President Trump recently told Republican members of Congress that they were about to make beautiful legislative music together.
"This Congress is going to be the busiest Congress we've had in decades, maybe ever," Trump said in his expansive way at the lawmakers' annual retreat at Philadelphia's Loews hotel. Tons of legislation! Fantastic legislation!
"We're actually going to sign the stuff that you're writing," he said. "You're not wasting your time."
Some historians say Trump and the Republicans have an opportunity that resembles 1965, when President Lyndon B. Johnson and congressional Democrats in a burst of activity built the Great Society social net that is largely intact today. Legislation aimed at combating poverty and racial injustice included the Medicaid and Medicare health-care programs, the Head Start preschool program, community development, and protection of voting rights.
"This is one of those rare moments when things come together," said Julian E. Zelizer, a political historian at Princeton University who wrote a book about the battle for the Great Society called The Fierce Urgency of Now.
"The potential is there for action on a lot of things that have been bottled up," Zelizer said. "We have a disciplined congressional majority and a president who want mostly the same things on a host of big issues. If you're a conservative, you're been waiting for this for a long time."
The common agenda, discussed at length in the Philadelphia meetings Jan. 25 and 26, includes proposals to cut taxes and reform the corporate tax code; repeal and replace the Affordable Care Act; tighten immigration rules; construct a wall along the border with Mexico; roll back regulations on business, including rules the Obama administration created to combat climate change; and spend up to $1 trillion on infrastructure projects.
In other words, the biggest and most ambitious legislative agenda in years.
There are some differences between the politics of now and of the Great Society era, of course.
After Johnson's landslide win in 1964, liberal Democrats had big congressional majorities, which allowed them to pass bills over the objections of conservative committee chairmen in their own party and defeat filibusters in the Senate. And Johnson, a master politician, seized the opportunity. Politically, the way was paved by the civil rights movement, Zelizer wrote.
Trump lost the popular vote in 2016 and, though he won the Electoral College by a sizable margin, his victory was not as sweeping as Johnson's. Republicans kept their majorities in the House and Senate in the 2016 election, while Democrats dominated Congress in 1965.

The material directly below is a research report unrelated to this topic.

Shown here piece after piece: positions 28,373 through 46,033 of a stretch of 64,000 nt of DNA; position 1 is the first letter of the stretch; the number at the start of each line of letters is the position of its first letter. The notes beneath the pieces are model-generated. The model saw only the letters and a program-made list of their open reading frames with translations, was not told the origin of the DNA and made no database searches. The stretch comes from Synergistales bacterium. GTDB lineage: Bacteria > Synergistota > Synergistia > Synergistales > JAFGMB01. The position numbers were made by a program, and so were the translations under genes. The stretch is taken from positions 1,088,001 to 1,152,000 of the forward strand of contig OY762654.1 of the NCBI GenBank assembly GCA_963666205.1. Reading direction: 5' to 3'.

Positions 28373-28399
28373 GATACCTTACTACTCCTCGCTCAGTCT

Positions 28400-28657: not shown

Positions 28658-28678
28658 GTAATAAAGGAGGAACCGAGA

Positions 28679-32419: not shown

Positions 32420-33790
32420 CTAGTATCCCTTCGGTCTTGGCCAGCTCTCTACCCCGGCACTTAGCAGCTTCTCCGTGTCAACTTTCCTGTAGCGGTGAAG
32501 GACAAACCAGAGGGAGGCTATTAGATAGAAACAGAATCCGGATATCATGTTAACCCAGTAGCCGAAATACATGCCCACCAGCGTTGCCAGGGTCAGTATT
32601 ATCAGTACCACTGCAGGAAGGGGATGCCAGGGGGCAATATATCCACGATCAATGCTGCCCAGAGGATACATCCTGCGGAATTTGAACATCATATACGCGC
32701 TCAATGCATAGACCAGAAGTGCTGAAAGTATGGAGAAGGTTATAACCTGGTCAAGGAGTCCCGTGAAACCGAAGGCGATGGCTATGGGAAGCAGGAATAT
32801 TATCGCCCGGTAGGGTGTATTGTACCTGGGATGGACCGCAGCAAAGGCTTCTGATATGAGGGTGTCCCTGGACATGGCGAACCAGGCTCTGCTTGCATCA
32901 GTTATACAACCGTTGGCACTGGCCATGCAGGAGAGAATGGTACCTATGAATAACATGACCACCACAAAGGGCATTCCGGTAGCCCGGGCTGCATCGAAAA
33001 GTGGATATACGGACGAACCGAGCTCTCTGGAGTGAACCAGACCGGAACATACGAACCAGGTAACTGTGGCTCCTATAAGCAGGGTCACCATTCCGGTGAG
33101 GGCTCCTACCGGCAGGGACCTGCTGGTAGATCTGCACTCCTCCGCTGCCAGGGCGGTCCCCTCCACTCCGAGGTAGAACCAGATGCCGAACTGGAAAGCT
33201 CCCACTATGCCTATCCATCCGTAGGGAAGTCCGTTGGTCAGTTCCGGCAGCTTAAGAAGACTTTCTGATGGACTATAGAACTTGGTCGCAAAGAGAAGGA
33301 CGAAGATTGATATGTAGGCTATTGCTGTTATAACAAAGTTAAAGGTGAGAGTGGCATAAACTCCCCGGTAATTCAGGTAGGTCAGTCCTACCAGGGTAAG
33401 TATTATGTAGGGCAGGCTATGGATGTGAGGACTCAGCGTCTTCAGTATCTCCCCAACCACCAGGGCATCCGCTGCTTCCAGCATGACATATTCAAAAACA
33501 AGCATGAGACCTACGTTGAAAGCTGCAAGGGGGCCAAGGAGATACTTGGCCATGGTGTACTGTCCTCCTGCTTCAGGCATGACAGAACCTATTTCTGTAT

In addition, Trump has relatively low approval ratings in the early weeks of his presidency, and his executive actions, especially a temporary ban on refugees and immigration from seven majority-Muslim countries, have spurred protests nationwide.
But Trump polls strong with his base, and grassroots Republicans are primed to make sure he and Congress deliver on a conservative agenda, Zelizer said. Trump does need to avoid antagonizing lawmakers with distractions, such as his defense of Russia and false assertions of mass voter fraud.
"He could fumble it by making statements that are so beyond the pale for some congressional Republicans that it would be too costly to continue to support the president," Zelizer said. Trump also needs to be careful not to step too hard on congressional prerogatives with executive actions, he said.
"My sense is that the Republican Congress and the Trump White House will produce less than they advertise," said Sarah Binder, a political science professor at George Washington University. She said one-party control is a powerful factor, but partisan polarization leaves little room for GOP defections, and differences among lawmakers – and with Trump – on goals could bring struggles.
"Think about the divisions in the caucuses," Binder said. "We have deficit hawks and also defense hawks who want to increase military spending. The question is, what happens?"
Already, lawmakers are struggling with the mechanics of repealing and replacing the Affordable Care Act, which reaches deeply into the economy, and are talking about "repairing" the Obama program instead. Trump, who had promised immediate repeal, acknowledged on Fox News this week that it would take at least well into next year to make changes.
Other tensions between congressional conservatives and Trump were apparent at the recent Philadelphia retreat, undercutting the one-for-all-all-for-one message.
Trump is a populist who believes in big government on some things. He wants to spend on infrastructure repairs, and construction of the border wall could cost up to $20 billion by some estimates. Many lawmakers are worried about how those costs could be accounted for without blowing up the deficit.
"I generally don't vote for anything that's not offset," Sen. James Risch (R., Idaho) told reporters. "Everything has to be offset."
GOP leadership told their rank and file that the initial draft of their yearlong legislative agenda did not include transportation projects, but Trump insisted on adding the item. Still, no details have emerged, and there seems to be some ambivalence among the lawmakers.
"An infrastructure bill would have to go through Congress," Sen. John Thune of South Dakota, the third-ranking GOP leader in the Senate, said at a news conference. "Obviously, it'd have to be funded. ... Right now, we've got a very focused agenda of things that we want to get done in the next 200 days. And how infrastructure plays into that, we're not sure yet."
Adding pressure: next year's midterm elections, already closer than they appear. The window of opportunity could stay open only so long for the GOP. After all, the 1966 midterms, with big Republican gains and concerns about spending and the escalating war in Vietnam, began trimming the sails of Johnson and the Democrats.